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Who knew Rajon Rondo was the secret to the universe?

With a cast on his right thumb, Rajon Rondo (center) sits on the bench during the Bulls' 104-87 loss to the Celtics in Game 3 Friday night. (AP Photo/Charles Rex Arbogast)

Point guard.

Scorer, rebounder, passer, leader of men.

Bowl-stacking, teacup-flipping halftime entertainer.

The reason for Jimmy Butler’s success.

I did not know Rajon Rondo was so valuable. I see my ignorance clearly now, to the point where I understand that limiting him to something as inconsequential as basketball is a waste.

National intelligence chief?

CEO of a Fortune 500 company?

President of the United States?

Pope Rajon I?

All of it apparently a possibility now.

If you watched the Bulls’ brutal Game 3 loss to the Boston Celtics on Friday night, and my condolences if you did, then you know they’re a wreck without Rondo. How this came to be is one of life’s great mysteries, along with the Kardashians, Adam Sandler and male nipples.

Rondo might be done for this first-round series after fracturing his thumb in Game 2. We spent much of the season ignoring him because Bulls coach Fred Hoiberg ignored him all the way to the bench. Then the playoffs rolled around, and suddenly Rajon was not just needed, but indispensable. And perhaps not just indispensable, but the Bulls’ very reason for living.

Who knew?

The Bulls went up 2-0 in the series, thanks in large part to Rondo’s excellence in those two road victories. There were several possible reasons for his re-emergence from wherever the Bulls had hidden him:

A. He actually is a good player.

B. The Celtics are a sorry excuse for a No. 1 seed.

C. Your guess is as good as mine.

How are the Bulls different with Rondo in the lineup?

“Just having another coach on the floor,” veteran Dwyane Wade said after the Bulls’ 104-87 loss. “You’ve got a guy who’s been in so many playoff series, been in the Finals, won a championship. You can’t replace that.”

But that’s exactly what Hoiberg did with Rondo during the regular season. He replaced him. Surely, the ridiculousness of this situation is not lost on you. A team that was painfully inconsistent in the regular season suddenly finds consistency with a point guard who was benched in January and who took to Instagram to criticize Wade and Butler for criticizing rookies. And now the Bulls can’t live without him? If you say so.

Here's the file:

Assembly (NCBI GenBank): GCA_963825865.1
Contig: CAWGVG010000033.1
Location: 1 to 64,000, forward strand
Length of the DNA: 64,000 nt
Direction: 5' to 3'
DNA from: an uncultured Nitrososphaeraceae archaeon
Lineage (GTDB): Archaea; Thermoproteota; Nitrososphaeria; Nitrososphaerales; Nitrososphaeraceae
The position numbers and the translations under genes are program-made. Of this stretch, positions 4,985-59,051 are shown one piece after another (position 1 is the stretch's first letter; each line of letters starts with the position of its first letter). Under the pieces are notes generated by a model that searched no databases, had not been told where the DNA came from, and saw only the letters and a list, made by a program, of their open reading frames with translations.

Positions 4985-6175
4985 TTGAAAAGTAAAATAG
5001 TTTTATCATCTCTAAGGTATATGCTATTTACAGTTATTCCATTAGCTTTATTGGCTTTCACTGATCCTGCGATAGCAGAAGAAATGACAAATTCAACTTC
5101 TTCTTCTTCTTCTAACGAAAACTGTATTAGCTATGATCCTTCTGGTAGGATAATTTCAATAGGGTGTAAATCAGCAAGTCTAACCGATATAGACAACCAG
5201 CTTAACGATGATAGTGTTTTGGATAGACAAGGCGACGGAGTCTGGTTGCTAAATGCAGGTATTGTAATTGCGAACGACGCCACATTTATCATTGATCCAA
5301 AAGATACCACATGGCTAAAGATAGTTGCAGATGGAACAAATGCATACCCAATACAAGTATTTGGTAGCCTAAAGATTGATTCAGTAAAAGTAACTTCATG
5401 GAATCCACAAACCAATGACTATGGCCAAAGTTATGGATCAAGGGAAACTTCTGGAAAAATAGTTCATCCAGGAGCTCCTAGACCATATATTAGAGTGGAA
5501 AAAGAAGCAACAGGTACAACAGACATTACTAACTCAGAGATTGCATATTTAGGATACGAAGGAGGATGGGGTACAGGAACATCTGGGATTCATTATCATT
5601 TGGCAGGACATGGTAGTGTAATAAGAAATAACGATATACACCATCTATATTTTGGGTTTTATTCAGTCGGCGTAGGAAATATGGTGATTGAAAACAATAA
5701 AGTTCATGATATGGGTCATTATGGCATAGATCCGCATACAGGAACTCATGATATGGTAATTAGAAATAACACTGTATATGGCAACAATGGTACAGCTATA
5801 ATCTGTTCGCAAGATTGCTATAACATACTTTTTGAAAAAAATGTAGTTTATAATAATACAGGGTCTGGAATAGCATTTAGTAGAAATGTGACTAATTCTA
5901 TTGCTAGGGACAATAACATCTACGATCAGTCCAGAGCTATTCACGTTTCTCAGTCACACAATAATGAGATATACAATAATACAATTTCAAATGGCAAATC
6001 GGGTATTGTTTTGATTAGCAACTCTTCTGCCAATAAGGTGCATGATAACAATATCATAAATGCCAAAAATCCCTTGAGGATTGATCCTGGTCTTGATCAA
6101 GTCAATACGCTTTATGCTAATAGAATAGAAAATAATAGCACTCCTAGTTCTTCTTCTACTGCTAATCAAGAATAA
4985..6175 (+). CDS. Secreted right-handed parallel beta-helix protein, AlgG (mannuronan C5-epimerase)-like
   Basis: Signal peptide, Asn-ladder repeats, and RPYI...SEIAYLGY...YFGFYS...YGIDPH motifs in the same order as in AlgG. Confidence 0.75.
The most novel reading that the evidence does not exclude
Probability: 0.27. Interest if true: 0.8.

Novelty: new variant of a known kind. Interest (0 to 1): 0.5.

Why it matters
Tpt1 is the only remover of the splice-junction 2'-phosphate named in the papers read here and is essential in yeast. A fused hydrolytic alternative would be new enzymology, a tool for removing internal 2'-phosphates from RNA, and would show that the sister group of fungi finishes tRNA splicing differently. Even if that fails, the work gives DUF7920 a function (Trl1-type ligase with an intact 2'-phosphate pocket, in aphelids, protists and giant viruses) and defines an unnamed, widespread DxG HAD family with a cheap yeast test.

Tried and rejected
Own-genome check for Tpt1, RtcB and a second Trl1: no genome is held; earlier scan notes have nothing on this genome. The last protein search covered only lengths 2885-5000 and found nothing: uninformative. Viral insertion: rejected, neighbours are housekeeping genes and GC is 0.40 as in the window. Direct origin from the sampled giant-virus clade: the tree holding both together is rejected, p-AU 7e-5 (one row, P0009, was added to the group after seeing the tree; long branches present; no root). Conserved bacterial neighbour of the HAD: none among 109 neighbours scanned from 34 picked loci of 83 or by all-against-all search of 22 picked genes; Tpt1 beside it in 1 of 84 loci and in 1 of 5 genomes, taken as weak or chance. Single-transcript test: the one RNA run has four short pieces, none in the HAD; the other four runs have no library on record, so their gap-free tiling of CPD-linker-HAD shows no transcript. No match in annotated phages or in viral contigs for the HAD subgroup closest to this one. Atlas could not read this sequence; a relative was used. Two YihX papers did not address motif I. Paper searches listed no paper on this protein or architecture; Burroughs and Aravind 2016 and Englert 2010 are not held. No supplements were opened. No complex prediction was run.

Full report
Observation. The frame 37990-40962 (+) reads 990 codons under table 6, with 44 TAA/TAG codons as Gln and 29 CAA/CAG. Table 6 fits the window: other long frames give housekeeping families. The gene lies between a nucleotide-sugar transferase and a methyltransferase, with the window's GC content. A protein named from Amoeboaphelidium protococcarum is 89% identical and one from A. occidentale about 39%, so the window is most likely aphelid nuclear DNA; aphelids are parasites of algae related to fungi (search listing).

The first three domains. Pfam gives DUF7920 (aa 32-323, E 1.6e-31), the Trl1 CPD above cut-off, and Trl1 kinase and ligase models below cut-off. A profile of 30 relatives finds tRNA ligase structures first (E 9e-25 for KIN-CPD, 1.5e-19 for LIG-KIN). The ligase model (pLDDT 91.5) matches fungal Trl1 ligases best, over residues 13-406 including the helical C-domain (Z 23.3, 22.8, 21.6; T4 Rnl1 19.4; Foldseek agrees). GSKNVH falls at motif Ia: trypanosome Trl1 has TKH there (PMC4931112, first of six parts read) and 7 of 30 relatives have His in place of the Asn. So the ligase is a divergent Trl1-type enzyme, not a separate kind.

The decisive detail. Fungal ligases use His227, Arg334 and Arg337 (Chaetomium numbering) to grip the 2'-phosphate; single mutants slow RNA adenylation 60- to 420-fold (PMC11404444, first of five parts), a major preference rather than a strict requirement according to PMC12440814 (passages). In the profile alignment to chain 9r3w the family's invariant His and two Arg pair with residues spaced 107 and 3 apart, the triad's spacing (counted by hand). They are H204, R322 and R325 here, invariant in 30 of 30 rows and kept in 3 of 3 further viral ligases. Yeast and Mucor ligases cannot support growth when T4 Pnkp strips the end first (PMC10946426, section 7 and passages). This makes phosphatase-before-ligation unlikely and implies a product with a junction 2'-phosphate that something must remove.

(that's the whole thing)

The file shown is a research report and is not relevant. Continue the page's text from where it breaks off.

Rondo is a fine player. But — and how do I put this? — come on! The Bulls looked lost without him for large stretches of Friday night’s game. They ignored him for large stretches of the season. Maybe this is some sort of karmic payback.

The dropoff from Rondo to Jerian Grant and Michael Carter-Williams is about 22 stories.

Lots of Bulls fans are caught up in the drama of this series. That’s what we do in sports. The excitement of the moment takes over, especially in the playoffs, and aesthetics don’t matter as much as they normally would. That’s a really nice way of saying these are two mediocre teams. If I said both squads were playing their hearts out, would that make it nicer? I didn’t think so.

Boy, oh, boy, was Friday night’s game ugly. Butler was 1-for-12 from the field before hitting three straight shots late in the third quarter. He finished 7-for-21. Maybe Rondo can do a faith healing on Butler’s shooting hand.

The Bulls’ defense was horrible. The Celtics hit 45.9 percent of their three-point attempts. It’s hard to see how Rondo could have dramatically changed that, but, again, we now know he’s a miracle man.

There are at least six teams in the West that would eat the Bulls for dinner and then use Cameron Payne for floss. That’s not breaking news, but it is a reminder of just how far the Bulls are from mattering. The playoff structure has a way of masking reality a bit. If you’re in, you have a chance. At least that’s the conceit. And that’s why the United Center sounded like a jet engine at times Friday. It didn’t matter that the basketball was awful. It mattered that the Bulls drew somewhat close a few times.

I’m not saying they are out of this series. That would be silly. But to think they had suddenly learned how to play better after a 41-41 regular season was even sillier. The Bulls haven’t morphed into a good team. They have run into a No. 1 seed in name and number only.

Game 4 is Sunday at the United Center. Can Rondo heal himself? Well, if anyone can . . .

Follow me on Twitter @MorrisseyCST.

Email: rmorrissey@suntimes.com

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